Data from the Far Ultraviolet Imager (FUV) on the Imager for Magnetopause-to-Aurora Global Exploration (IMAGE) satellite show that subauroral proton arcs appear in the afternoon sector during geomagnetically disturbed periods when the interplanetary magnetic field rotates either from south to north or from west to east and when the magnetosphere is moderately compressed. Time series of proton aurora images show that the proton emissions are generally aligned along the equatorward part of the auroral oval. However, when interplanetary magnetic field (IMF) B[SUB]z[/SUB] changes from negative to positive the auroral oval contracts toward higher latitudes while the ring current proton precipitation remains stationary, resulting in a separation of several degrees between the latitude of the new oval position and a subauroral proton arc in the afternoon sector. A similar effect occurs when IMF B[SUB]y[/SUB] rotates from negative to positive, in which case the oval in the afternoon sector retreats toward higher latitudes, again leaving a separation between the oval and the subauroral proton arc of several degrees. Comparisons with low-altitude and geosynchronous satellite data show that the subauroral proton arc is caused by the precipitation of protons with energies from several keV to 30 keV and is likely associated with the existence of a plasmaspheric ``drainage plume.'' In contrast, the proton emissions along the main oval are caused by protons with energies generally less than 10 keV. [less ▲]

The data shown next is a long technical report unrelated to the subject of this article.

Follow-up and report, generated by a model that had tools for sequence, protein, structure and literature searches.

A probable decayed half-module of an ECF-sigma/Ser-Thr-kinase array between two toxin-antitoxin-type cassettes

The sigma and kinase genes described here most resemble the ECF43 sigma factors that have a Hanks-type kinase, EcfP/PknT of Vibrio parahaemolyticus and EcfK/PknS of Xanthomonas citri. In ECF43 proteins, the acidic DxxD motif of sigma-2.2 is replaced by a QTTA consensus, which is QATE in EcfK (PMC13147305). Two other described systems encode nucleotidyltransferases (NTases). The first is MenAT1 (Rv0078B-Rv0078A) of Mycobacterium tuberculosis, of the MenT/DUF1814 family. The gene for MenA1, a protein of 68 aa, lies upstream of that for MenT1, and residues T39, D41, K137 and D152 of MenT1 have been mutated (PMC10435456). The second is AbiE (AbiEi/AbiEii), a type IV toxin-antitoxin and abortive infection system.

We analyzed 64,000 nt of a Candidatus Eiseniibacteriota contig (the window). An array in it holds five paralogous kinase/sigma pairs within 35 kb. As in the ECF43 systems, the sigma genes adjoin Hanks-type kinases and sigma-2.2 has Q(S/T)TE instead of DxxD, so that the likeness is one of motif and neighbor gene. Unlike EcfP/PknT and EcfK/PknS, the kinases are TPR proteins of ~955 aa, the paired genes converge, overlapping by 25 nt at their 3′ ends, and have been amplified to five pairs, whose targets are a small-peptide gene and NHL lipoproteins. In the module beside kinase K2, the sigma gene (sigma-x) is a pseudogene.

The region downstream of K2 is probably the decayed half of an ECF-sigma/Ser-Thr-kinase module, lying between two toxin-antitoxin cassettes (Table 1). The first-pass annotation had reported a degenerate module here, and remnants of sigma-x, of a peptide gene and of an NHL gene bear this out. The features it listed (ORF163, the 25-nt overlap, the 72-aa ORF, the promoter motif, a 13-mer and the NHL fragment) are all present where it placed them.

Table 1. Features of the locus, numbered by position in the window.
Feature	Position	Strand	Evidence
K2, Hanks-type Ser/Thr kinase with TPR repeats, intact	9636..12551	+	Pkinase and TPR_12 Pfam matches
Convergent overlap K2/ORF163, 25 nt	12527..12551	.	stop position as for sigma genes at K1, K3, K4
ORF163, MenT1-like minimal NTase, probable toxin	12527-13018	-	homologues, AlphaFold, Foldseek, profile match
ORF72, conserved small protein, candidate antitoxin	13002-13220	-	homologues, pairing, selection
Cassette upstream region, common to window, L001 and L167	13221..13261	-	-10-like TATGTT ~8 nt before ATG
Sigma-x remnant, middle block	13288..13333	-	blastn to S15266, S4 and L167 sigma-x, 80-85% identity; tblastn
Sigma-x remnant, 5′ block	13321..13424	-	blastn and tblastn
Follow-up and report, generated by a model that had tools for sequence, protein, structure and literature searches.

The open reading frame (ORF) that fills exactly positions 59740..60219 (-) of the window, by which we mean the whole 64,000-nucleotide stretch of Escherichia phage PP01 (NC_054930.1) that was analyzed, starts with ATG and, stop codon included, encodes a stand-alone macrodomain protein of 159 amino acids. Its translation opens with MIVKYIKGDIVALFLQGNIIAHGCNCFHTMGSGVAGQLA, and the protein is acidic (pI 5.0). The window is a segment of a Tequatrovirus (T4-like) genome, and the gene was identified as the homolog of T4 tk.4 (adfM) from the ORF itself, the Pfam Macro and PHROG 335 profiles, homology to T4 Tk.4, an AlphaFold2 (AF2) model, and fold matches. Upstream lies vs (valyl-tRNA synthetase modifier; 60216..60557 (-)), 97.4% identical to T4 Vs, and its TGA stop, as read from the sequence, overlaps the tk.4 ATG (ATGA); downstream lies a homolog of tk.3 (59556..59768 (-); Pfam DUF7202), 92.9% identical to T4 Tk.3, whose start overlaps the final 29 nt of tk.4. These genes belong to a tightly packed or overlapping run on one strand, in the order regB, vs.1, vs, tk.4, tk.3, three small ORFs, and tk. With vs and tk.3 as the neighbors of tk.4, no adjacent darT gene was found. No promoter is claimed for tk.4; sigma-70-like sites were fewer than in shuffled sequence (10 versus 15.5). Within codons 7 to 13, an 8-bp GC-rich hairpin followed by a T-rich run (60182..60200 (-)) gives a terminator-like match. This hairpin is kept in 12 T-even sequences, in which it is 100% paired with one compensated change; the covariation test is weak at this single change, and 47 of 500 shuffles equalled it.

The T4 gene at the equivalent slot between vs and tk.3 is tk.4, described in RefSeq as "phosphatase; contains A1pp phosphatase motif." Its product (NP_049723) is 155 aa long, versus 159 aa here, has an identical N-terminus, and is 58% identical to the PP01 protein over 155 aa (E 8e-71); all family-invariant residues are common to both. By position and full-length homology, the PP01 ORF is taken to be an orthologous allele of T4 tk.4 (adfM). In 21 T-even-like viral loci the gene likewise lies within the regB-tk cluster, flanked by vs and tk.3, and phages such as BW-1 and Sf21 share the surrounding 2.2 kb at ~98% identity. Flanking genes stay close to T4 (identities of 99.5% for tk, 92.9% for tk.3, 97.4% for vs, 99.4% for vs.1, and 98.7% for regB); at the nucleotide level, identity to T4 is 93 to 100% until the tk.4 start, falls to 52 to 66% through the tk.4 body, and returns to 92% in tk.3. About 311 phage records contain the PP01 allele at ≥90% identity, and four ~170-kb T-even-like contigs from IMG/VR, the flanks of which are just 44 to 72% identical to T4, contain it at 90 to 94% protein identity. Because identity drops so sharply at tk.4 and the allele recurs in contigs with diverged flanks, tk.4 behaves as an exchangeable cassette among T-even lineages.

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See detailInterplay among catecholamine systems: dopamine binds to alpha2-adrenergic receptors in birds and mammals.
Cornil, Charlotte ULg; Ball, Gregory F

in Journal of Comparative Neurology (The) (2008), 511(5), 610-27

Dopaminergic and adrenergic receptors are G-protein-coupled receptors considered to be different based on their pharmacology and signaling pathways. Some receptor subtypes that are members of one family ... [more ▼]